Encrypted login methods
Last revision October 5, 2009
One way to protect data is through encryption. Encryption mathematically converts your data into a form that is not directly readable. The conversion between readable and encrypted data is generally controlled by a password or "shared secret" (sometimes generated automatically). Only a person (or program) that knows the password (or the method to generate the shared secret) can read the encrypted data. Encryption can be useful for files stored on your local computer as well as files that you are transmitting over the network. A hacker who is eavesdropping on the network will not be able to decode passwords and data that are sent over the network in encrypted form.
Kerberos, SSH (stands for Secure Shell), and SSL (stands for Secure Socket Layer) are protocols that use encryption to protect data being sent over the network. So, for instance, when you type in your password to make a connection to a network server such as sesfs, these protocols can encrypt the password for you before sending it out over the network.
Kerberos is an authentication system originally developed at MIT. It encrypts your communications on the network like the other protocols described here. But Kerberos also adds a secure authentication system that provides a way for computers to verify the identity of users and other computers from a central database, handling your password only on the local computer and never sending it, even in encrypted form, over the network. At Stanford, your Kerberos identity is your SUNet ID.
Kerberos also provides "single sign-on" capabilities. Once your identity has been determined, the Kerberos software stores this information for some length of time in a "ticket" and can automatically provide it to other services that you access. You can "sign-in" once and work for the whole day on that computer without needing to provide your password over and over for various services.
Programs and services need to be specially written to use Kerberos, and the "Kerberos client" authentication software must be installed on the local computer.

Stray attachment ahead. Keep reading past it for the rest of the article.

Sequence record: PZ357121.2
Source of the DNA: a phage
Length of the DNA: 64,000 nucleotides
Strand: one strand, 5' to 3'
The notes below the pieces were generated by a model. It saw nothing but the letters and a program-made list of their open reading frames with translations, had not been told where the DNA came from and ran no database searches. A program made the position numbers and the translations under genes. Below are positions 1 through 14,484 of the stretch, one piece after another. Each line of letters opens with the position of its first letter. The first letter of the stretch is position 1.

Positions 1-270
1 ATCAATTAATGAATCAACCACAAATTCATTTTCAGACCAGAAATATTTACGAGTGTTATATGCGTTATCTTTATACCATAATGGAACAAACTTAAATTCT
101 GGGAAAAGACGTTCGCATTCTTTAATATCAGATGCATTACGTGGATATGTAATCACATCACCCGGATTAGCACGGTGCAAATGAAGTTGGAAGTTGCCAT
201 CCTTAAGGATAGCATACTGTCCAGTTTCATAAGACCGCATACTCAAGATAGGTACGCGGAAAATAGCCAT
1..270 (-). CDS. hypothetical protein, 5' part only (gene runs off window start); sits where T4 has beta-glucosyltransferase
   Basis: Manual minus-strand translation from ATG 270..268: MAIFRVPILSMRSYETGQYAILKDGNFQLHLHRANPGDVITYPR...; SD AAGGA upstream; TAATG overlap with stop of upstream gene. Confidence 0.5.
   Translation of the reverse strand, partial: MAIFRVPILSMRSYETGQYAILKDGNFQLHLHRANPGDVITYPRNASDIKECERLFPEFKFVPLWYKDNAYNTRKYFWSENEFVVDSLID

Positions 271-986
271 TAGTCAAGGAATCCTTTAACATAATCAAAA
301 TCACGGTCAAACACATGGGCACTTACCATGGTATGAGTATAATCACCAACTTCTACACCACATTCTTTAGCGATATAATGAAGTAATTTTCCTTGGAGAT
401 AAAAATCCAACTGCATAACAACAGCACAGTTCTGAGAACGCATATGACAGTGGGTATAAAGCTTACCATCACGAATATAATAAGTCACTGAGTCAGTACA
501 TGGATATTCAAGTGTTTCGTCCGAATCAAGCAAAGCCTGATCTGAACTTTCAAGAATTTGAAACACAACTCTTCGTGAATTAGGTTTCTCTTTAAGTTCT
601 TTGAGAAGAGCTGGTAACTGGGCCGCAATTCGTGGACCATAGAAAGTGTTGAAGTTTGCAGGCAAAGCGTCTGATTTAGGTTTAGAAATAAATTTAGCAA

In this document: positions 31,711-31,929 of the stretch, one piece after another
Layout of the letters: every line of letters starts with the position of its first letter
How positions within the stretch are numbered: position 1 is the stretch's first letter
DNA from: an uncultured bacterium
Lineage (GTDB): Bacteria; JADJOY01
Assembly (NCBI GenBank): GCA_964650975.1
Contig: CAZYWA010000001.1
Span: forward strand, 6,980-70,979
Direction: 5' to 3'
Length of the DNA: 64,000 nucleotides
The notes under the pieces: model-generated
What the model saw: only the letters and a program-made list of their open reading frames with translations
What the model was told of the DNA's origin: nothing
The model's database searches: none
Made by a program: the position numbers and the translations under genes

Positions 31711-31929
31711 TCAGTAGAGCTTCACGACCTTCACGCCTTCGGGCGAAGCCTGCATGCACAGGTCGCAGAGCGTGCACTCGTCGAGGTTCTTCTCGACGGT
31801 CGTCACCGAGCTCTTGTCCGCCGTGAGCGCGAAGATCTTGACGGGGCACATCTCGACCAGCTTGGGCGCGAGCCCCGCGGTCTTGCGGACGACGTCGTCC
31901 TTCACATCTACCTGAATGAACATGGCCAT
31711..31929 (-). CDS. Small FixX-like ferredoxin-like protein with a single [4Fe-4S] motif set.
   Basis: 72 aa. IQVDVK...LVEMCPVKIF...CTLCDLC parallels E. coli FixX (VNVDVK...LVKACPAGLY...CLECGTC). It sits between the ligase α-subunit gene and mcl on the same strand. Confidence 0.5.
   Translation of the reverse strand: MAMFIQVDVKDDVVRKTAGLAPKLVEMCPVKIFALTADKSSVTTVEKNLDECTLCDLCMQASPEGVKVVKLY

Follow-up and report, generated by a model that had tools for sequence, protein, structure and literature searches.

Stanford University has standardized on the Kerberos system of authentication to allow many services on different computers to access the same central database of valid accounts. When you use your SUNet ID to log in to a system, you are most likely using Kerberos to send that information. Stanford has tightly integrated Kerberos and the SUNet ID system and provides Kerberos client authentication software for installation on campus computers. Get the Stanford Desktop Tools application for Windows PCs or Mac OS X computers and the Kerberos kit for Unix or Linux systems.
SSH is an open-source software system that is used to create encrypted network connections between programs running on different computers. Unlike Kerberos, it does not use a central authentication database such as your SUNet ID. Instead, if the program on the server computer needs to authenticate you, it must prompt for your username and password. Your password is encrypted by SSH before it is sent over the network. But this is slightly less secure than Kerberos, which never sends your password over the network.
SSH also doesn't provide the convenience of single sign-on. Each program or service you access on a remote computer must prompt for your username and password. Furthermore, those usernames and passwords are specific to that remote computer. You may need to manage many different usernames and passwords if you are connecting via SSH.
The advantage of SSH is that you don't need to rewrite every program or service to include the SSH protocols. Instead, a standard SSH implementation (included on UNIX, Linux, or MacOS X operating systems) can create encrypted communication "tunnels" through which other programs that don't know anything about SSH or encryption can send their passwords and data in a secure manner. This is the preferred method, for example, for using the X-window remote graphical interface securely.
For personal computers, SSH is generally used in dedicated client programs that manage remote file transfers (also called sftp) and command-line logins only.
Most campus server computers, including sestransfer, support the SSH system for encrypted logins and file transfers. SSH is built-in to all modern UNIX and Linux systems, and Stanford has site-licensed SSH client programs that you can install on Macintosh and Windows PCs.
The SSL protocol (originally developed by Netscape, but now an Internet standard) is a general purpose protocol for authenticating and encrypting data on the network, but it is primarily used to create secure web sites. It relies upon "certificates" created by a trusted authority (such as Verisign) to prove that you are connecting to the correct computer. If you've ever bought something online, for example, you've probably been told that you were using a secure web site and noticed that the address uses the protocol type https rather than simple http. For example, the Stanford webmail program uses SSL to encrypt your passwords and data. Restricted web pages on the Stanford and pangea web servers that require your SUNet ID and password also use SSL.
Support for the SSL protocol is embedded in all modern web browsers. You do not need to install any special software to use SSL protected web sites.